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The Info List - Irish Set Dance


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IRISH SET DANCE, sometimes called "country sets", is a popular form of folk dancing in Ireland
Ireland
.

CONTENTS

* 1 History * 2 The Set * 3 See also * 4 References * 5 External links

HISTORY

Set dances are based on quadrilles , which were court dances . These were transformed by the Irish into a unique folk dance of the Irish rural communities.

When the Gaelic League was formed in 1897, it sought to discourage set dance, because it was perceived as being of foreign origins, and consequently at odds with the League's nationalist agenda. In its place, the League promoted ceili dance , a process which continued during the 1930s and 1940s with the support of the Catholic Church
Catholic Church
in the form of the Public Dance Halls Act 1935 . The rise of rock and roll in the 1950s caused the popularity of set dancing to fade. However, in the 1980s a revival started and many sets that have not been done for forty years or more are being recovered and danced again.

THE SET

Shramore Set, 2nd Figure, swing with Céilí-hold

To start, four couples are arranged in the form of a square to dance with each couple being in the middle of the sides of the square. Both the eight dancers in the group and the dance itself are called a "set". The dance is a sequence of several dance figures , which usually have a common theme or structure. The figures usually begin and end with repeated parts that everyone dances, and then during the figure each couple or pair of couples will dance separately. In the set, the couple with their backs to the band are traditionally named "First Tops" with "Second Tops" facing them. The couple on First Tops left hand side is called "First Sides" with "Second Sides" facing. Usually the First Tops are the first to dance, with some sets having First Sides and then Second Tops going next and some having Second Tops and then the First Sides. Second Sides is almost always the last couple to dance, and is therefore a good place for beginners to start, as they get more time to watch the demonstrations of the figure that the other couples give.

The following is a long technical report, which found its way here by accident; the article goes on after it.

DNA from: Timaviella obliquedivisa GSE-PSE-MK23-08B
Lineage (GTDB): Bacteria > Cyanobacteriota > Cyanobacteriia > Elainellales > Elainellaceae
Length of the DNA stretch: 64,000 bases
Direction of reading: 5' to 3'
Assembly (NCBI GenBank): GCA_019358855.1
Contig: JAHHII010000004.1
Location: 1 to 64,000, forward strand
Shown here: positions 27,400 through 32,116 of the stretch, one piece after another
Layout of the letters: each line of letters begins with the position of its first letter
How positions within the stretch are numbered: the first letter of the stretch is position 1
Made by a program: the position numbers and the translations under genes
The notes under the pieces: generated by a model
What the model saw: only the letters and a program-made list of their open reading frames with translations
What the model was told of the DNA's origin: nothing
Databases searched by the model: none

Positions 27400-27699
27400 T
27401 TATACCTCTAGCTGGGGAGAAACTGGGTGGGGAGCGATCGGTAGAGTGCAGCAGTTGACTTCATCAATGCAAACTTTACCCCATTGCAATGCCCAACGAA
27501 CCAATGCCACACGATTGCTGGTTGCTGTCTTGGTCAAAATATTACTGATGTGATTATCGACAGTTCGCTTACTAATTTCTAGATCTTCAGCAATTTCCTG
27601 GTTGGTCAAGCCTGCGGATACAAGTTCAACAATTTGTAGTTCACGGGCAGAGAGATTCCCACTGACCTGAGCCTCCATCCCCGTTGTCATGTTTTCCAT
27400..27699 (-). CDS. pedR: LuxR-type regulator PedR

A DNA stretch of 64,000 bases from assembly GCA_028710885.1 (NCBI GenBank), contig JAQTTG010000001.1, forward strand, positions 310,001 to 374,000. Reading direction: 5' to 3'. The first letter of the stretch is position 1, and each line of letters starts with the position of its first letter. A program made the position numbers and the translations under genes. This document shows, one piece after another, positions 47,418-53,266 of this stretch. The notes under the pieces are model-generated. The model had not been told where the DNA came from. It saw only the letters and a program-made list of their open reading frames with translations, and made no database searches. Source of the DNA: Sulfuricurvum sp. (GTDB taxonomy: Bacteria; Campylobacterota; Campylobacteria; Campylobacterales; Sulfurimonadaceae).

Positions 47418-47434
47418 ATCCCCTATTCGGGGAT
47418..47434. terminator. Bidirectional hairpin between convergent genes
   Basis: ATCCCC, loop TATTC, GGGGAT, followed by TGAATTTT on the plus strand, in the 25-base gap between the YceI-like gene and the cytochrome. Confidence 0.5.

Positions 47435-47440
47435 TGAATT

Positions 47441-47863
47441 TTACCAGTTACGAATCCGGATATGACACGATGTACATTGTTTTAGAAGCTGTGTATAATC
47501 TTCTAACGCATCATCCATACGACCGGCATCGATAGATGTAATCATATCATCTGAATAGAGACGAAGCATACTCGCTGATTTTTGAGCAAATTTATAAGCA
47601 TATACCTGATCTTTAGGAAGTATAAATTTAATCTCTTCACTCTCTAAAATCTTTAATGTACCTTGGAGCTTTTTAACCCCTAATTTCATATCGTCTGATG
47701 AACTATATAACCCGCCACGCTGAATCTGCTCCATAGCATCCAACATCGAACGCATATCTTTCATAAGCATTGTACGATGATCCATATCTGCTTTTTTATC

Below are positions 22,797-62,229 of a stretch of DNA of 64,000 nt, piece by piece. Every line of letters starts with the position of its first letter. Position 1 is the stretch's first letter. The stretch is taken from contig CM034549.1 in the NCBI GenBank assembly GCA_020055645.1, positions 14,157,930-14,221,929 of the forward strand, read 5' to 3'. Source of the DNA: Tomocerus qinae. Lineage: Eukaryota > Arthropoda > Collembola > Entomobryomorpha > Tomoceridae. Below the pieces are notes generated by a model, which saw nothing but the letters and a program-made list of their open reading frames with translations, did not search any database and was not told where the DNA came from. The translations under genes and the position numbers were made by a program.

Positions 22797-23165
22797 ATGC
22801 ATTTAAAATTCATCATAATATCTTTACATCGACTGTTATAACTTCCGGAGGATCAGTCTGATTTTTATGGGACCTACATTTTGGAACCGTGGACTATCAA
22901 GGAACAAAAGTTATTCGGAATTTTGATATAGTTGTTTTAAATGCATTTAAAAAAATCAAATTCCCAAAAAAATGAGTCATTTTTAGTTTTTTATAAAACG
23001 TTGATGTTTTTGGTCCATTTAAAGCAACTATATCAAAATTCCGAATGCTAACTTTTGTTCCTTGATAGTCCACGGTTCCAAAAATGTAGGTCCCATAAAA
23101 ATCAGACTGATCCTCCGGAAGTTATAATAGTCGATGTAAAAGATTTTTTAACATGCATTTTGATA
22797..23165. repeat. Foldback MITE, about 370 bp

Set dances from a particular region usually have similar elements. For instance, sets from the Connemara
Connemara
region (such as the Connemara Reel Set, the South Galway Reel Set and the Claddagh Set) have the First Sides on the right of the First Tops, and sets from the Clare region often involve footwork similar to Irish competitive Stepdance or traditional freeform Sean-nós dance (which emphasizes a "battering" step).

Distinctive set dances and dance regions emerged in the beginning of the 19th century and evolved as popular house dances separate from the more formal Irish step-dancing tradition. In some homesteads a kitchen pot was placed under the flag stones as an extra acoustical element for the house dance.

Set dance
Set dance
differs from square dance and round dance in that it does not require a caller : the sequence of figures is predefined by the name of the set. In places with a large community of set dancers, like Ireland
Ireland
or New York City
New York City
, it is usual for dances to be uncalled - that is, done with no calling - because most dancers already know the instructions for the common sets. However, at venues with larger numbers of occasional dancers, a caller is often present to give instructions as the dance progresses, for those people who are not yet familiar with the set.